We like the inclusion of the malware checking download manager that scans your files before you can run them, and finally enables you to view your current download progress and recent download history alike. The SmartScreen filtering remains, and IE9 promises to continue the good work in improving Microsoft browser client security that really started with IE8. That client version remains less than impressive when it comes to web standards support though. Not so IE9 which has really grasped the standards nettle to good effect, achieving a highly respectable 95 percent score on the industry Acid3 standards test. To put this into perspective, IE8 could only manage 20 percent and even the latest Firefox incarnation cannot beat it (although it does almost as well) on 94 percent. Microsoft still has some way left to go in the search for standards perfection, however, with both Chrome and Opera hitting the magic 100 percent score in the Acid3 test.
CSS3 support has also improved with IE9, not least when it comes to rounded corners with border-radius property, CSS3 namespaces, values, selectors and media queries to name a few. The Trident rendering engine is, it would seem, starting to reach the same levels as Gecko and Webkit have long since attained. And then, of course, there is the much hyped HTML5 support. Indeed, this was used to good effect during the official UK press launch (which featured an exclusive video produced by the Gorillaz) with the content-rich HTML5 'Club Room' at the Gorillaz website proving just how fast 3D rendered graphics and streaming video can be with IE9. Of course, HTML5 is still very much a working draft and so subject to change, but for now at least IE9 supports the new video and audio HTML elements, canvas, scaling vector graphics (SVG), selection interface and interoperable HTML parsing.Conclusion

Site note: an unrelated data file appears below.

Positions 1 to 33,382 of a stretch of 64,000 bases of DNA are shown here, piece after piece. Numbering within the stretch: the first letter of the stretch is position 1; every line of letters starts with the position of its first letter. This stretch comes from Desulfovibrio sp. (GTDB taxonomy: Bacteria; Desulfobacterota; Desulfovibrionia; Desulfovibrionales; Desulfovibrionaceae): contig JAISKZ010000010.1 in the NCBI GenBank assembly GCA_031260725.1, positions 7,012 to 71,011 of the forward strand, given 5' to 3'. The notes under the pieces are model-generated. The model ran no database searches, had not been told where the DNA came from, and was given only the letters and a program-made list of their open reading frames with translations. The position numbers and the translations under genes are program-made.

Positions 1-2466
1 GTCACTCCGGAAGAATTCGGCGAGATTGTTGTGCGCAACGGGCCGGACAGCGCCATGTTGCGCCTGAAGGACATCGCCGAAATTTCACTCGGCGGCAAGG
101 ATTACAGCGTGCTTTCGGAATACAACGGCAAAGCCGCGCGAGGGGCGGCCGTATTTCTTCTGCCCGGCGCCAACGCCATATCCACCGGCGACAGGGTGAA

We know what you want, you want us to tell you if you should swap back from Chrome or Firefox to Internet Explorer 9 don't you? Our advice would be to wait until IE9 is out of Beta and both Chrome and Firefox have versioned up before rushing to decide. If you do want to try the Beta out be aware that it will overwrite your existing Internet Explorer installation and reverting back is a bit more complicated than clicking on an 'I've changed my mind' button. However, if you do make the change you will discover a web browser with a very clean and minimalist feel that delivers an enjoyable and efficient web experience. The problem for Microsoft is that the same can also be said of Chrome and Firefox. IE9 puts Microsoft firmly back in the web browser client game, no doubt about that, but whether it's too late to change the final score remains to be seen.